I strongly encourage you all to check out the article above (“How to find a Good Dog Trainer”) it has loads of great advice about finding the perfect fit trainer for you situation. And as always if you have questions, we’d love to hear from you 🙂

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Finding a Reputable Breeder

I have written in the past about where you should get your next furry family member from (see post about Puppies here) but I know that some folks still desire the “purebred” puppy route. While there are tons, and tons of puppies (and dogs!) available at your local shelter, you might need to be patient and search a larger area to find one that meets your lifestyle and desires for a companion. I will always say SAVE A LIFE and adopt your next family member.

There are so many terrible dog breeders out there that it’s difficult to determine even where to begin if you do decide to purchase a dog or puppy. Some reasons for doing so might be if you desire to show a dog or compete in certain dog competitions that require a “purebred” dog. I use “purebred” in quotes only because a lot of the so call purebred dog that are acquired from these unreputable breeders are anything but.

This facebook post had a great summary of thirteen things you should evaluate breeders of dogs on. I’ve highlighted the ones I especially like below (the ones I skipped don’t apply to the US).

 

  • Unethical breeders tend to sell via the internet. Facebook, Preloved, Gumtree and others are all places that they advertise. Google the person’s phone number, username or email address. See if you can find other ads posted by them.

 

Unethical breeders breed for profit. They mass produce dogs, sometimes on an infeasible scale and ship their puppies all over the country/world to make the quick buck. They don’t care about where their dogs end up, or if they live out a life in pampered comfort. They want the cash for their “crop”.

 

  • They don’t ask anything about you. Ethical breeders want to know everything about you, your family, your experience with dogs etc etc. They will insist that you visit the pups several times. If you are not questioned lots then you need to worry.

 

Again, that buck is calling. They don’t worry about who you are or what you want to do with the dog. They won’t tell you about the breed your buying or ask if you’ve had these dogs in the past. A lot of folks have run into issues with that getting a breed they are totally unprepared for because a) they didn’t do their own homework first and b) the breeder sold a puppy to an unprepared family purely for profit. The so called “wolfdogs” are a great example of a breed that quickly gets people in over their heads. Turns out owning a wolf is 10,000% different than owning a dog.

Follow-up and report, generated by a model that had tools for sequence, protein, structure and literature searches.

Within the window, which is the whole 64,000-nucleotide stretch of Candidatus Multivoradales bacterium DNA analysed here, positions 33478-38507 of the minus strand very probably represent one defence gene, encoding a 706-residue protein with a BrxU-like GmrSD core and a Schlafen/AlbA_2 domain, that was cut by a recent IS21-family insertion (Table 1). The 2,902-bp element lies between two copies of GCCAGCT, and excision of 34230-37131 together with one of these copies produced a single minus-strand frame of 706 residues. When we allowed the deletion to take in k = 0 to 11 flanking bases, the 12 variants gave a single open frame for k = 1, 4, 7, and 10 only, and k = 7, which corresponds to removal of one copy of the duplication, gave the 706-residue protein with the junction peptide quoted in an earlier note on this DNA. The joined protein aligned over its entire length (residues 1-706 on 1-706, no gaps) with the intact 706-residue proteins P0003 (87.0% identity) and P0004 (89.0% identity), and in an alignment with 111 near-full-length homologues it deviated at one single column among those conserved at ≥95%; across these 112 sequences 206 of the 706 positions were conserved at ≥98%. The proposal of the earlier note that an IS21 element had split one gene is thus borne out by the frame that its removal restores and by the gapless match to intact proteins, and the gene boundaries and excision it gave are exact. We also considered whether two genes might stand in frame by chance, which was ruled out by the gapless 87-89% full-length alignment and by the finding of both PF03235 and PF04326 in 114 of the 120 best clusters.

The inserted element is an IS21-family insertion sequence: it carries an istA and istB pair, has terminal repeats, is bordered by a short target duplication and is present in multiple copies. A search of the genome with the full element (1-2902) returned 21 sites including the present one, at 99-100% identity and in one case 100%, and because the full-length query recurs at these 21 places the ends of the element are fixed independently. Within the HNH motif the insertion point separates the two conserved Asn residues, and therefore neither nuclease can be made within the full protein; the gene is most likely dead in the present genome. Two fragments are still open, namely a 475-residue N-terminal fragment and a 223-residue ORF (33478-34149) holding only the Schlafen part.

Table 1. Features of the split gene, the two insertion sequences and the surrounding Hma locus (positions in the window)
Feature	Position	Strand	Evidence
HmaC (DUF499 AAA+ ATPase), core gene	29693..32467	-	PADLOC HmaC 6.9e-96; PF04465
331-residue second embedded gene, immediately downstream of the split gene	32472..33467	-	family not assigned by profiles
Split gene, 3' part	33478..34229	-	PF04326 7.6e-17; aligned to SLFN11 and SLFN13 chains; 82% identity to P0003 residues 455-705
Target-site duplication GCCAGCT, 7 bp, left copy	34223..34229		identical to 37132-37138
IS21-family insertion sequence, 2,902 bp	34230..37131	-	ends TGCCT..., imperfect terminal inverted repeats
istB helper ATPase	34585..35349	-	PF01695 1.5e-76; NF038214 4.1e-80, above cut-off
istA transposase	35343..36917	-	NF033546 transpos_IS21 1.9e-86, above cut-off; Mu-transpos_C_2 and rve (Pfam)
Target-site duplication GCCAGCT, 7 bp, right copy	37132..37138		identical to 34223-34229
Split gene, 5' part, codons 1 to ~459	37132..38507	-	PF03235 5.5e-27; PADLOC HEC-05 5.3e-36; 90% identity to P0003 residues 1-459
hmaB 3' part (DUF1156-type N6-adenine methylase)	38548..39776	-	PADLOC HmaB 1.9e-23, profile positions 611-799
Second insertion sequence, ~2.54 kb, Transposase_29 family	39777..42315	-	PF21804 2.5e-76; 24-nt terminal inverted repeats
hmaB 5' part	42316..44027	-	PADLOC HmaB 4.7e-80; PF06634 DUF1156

• Sheds… Don’t buy a puppy that has been reared in a shed at the end of the garden. That pup would have missed out on essential socialization and habitation.

 

Money. Money. Money. It costs to afford a fancy facility or to convert your own home into an area that can support, care and raise/socialize new puppies. Those who mass produce dogs or even who just do a few litters a year in their back yard or shed away from all the “normal” experiences a dog will encounter (children, adults, vacuums, laundry machines, tv, etc) stunt their puppies socialization period significantly. This stunted level of experience leaves you at a disadvantage and at risk of developing a reactive or fearful adult dog.

 

  • Meeting places. Unethical breeders and dog traders will sometimes offer to meet you somewhere to ‘save you the trip’. Always insist that you go to their home. Never buy a pup in a car park (parking lot).

 

ALWAYS ask to see where the puppy was raise. Check out the other liters (if present). See how the mothers and fathers are treated. So many breeders will offer to meet you elsewhere to avoid having you see the squalor your puppy was raised in and the hell the puppy’s parents are trapped in.

 

  • Ethical breeders will never ever sell a pup before it is 8 weeks. Check the puppy that you are buying to make sure that he or she is over 8 weeks.

 

Seriously. 8 weeks minimum. 12 weeks preferred. Good breeders know all about how important socialization is for their pups, and keeping them a bit longer with their parents gives the puppy a headstart on knowing how to be a dog. Plus good breeders have socialization programs in place to provide you with a puppy who has had a great, diverse positive experience in his or her life so far and is ready and prepared with the skills necessary to tackle the real world.

 

  • Worming and flea treatment should have been done. Ask for dates and products used.

 

Lack of shots or vaccine records is an indication of a breeder that is cutting costs to maximize profit. They don’t care about their wards and are only in it to make a quick buck. Ask for the parent records too. A few of the terrible breeders I know of in our area only vaccine the puppies and the parents are left to suffer from untreated flea/tick and worm infestations.

 

  • Ask to see photos of your pup from birth until now… puppy farmers and dealers won’t have those photos.